Registration Dossier

Environmental fate & pathways

Endpoint summary

Administrative data

Description of key information

Additional information

Pyrochlore:

The overall chemical and physiological properties of pyrochlore are principally characterised by a degree of inertness because of the specific synthetic process (calcination at high temperatures, approximately 1000°C), rendering the substance to be of a unique, stable crystalline structure in which the majority of atoms are tightly bound and not prone to dissolution in environmental and physiological media. This has been shown in transformation/dissolution testing for antimony, in which dissolved Sb concentrations were below 27 µg/L (after 7 days at a loading of 0.1g/L) and 2 µg/L (after 28 days at a loading of 1 mg/L); thus implying a solubility of < 0.03% of antimony. Hence, Sb can be considered as not bioavailable and is not regarded concerning toxicological and environmental effects.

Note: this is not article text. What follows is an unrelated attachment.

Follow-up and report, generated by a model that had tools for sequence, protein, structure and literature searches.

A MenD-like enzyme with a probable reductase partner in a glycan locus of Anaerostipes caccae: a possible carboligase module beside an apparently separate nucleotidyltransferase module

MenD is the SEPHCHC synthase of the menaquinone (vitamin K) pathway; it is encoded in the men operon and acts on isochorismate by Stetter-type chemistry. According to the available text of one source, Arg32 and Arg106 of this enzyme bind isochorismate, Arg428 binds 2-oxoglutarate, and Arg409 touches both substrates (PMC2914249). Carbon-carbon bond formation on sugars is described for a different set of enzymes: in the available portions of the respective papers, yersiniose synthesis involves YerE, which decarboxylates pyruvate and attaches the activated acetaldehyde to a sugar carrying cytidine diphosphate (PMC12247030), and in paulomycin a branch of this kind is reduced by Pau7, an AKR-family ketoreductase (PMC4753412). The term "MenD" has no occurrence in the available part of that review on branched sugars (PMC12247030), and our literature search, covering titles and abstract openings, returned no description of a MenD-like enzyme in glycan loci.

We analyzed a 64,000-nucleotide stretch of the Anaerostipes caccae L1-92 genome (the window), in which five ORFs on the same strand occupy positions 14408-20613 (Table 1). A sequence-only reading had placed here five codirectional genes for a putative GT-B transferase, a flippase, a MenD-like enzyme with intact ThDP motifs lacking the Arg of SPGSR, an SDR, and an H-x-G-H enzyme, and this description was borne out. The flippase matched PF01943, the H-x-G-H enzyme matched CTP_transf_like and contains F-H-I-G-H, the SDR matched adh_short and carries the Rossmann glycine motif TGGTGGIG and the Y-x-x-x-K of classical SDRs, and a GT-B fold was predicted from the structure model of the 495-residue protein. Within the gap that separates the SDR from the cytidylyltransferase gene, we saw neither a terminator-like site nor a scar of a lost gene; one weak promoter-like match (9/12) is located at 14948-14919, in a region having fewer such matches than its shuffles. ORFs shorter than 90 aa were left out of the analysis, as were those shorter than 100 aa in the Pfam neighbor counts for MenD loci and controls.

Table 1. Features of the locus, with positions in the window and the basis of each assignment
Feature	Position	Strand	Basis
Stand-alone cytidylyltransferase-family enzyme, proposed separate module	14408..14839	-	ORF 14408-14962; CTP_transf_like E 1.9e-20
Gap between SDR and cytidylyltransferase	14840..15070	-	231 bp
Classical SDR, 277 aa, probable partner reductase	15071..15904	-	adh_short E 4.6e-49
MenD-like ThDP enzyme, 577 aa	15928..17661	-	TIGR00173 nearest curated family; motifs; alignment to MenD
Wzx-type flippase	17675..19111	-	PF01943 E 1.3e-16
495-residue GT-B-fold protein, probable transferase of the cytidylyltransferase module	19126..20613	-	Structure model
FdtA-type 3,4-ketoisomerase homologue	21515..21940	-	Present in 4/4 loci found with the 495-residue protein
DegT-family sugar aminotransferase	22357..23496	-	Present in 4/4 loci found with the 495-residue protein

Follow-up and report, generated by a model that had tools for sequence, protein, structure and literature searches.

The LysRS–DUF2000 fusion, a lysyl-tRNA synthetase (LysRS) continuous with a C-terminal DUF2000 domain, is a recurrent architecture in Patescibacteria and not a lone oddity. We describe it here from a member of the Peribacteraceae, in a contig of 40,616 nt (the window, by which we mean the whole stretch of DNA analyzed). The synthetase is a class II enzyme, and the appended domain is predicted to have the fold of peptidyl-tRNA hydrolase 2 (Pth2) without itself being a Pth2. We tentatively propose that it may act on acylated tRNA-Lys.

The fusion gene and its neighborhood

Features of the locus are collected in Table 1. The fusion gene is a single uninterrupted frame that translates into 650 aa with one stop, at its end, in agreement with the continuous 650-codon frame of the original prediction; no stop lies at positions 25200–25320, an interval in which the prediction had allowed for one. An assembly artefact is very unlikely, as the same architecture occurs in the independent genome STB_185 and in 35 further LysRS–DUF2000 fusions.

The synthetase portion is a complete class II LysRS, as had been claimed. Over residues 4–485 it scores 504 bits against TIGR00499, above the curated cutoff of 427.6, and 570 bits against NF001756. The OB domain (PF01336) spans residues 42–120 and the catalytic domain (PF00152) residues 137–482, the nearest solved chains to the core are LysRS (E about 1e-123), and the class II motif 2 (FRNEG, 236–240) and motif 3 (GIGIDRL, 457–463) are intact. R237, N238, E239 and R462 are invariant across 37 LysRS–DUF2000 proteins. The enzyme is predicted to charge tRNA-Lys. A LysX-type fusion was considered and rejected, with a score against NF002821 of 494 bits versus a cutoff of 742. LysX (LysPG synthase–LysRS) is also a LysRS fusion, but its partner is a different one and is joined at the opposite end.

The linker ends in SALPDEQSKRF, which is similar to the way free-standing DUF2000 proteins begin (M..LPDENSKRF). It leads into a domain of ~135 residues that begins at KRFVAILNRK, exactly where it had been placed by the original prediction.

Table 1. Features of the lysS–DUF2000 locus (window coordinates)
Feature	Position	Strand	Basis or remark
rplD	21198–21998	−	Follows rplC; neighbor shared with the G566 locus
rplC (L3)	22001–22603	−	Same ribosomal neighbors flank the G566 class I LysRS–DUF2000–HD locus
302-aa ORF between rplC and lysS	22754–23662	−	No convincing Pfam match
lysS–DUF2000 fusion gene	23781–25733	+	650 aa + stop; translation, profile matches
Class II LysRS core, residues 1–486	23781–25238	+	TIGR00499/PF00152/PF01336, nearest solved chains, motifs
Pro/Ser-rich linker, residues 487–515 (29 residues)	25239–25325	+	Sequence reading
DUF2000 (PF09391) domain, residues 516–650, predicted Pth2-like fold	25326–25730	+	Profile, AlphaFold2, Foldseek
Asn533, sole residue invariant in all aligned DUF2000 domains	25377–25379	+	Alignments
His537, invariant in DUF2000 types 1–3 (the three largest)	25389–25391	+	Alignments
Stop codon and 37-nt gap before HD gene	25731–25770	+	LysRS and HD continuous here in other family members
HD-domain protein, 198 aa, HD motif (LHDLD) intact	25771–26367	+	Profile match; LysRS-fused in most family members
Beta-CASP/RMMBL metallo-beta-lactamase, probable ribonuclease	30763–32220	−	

On the other hand, lead dissolution levels were much higher (>2.9 mg/L at a loading of 100 mg/L after 7 days at pH 6; 105 µg/L at a loading of 1 mg/L after 28 days at pH 6) and therefore have to be regarded concerning toxicological and environmental aspects. No substance-specific data on the toxicity of pyrochlore are available, so that instead read-across to lead oxide and sparingly soluble lead compounds was conducted

Lead:

From the literature overview, the following bioaccumulation/bioconcentration factors have been derived for Pb:    

 - Aquatic compartment

Bioaccumulation/bioconcentration factors in freshwater: 1,553 L/kg

- Soil compartment

Bioaccumulation/bioconcentration factors in soil: 0.39 kg/kg (dry weight)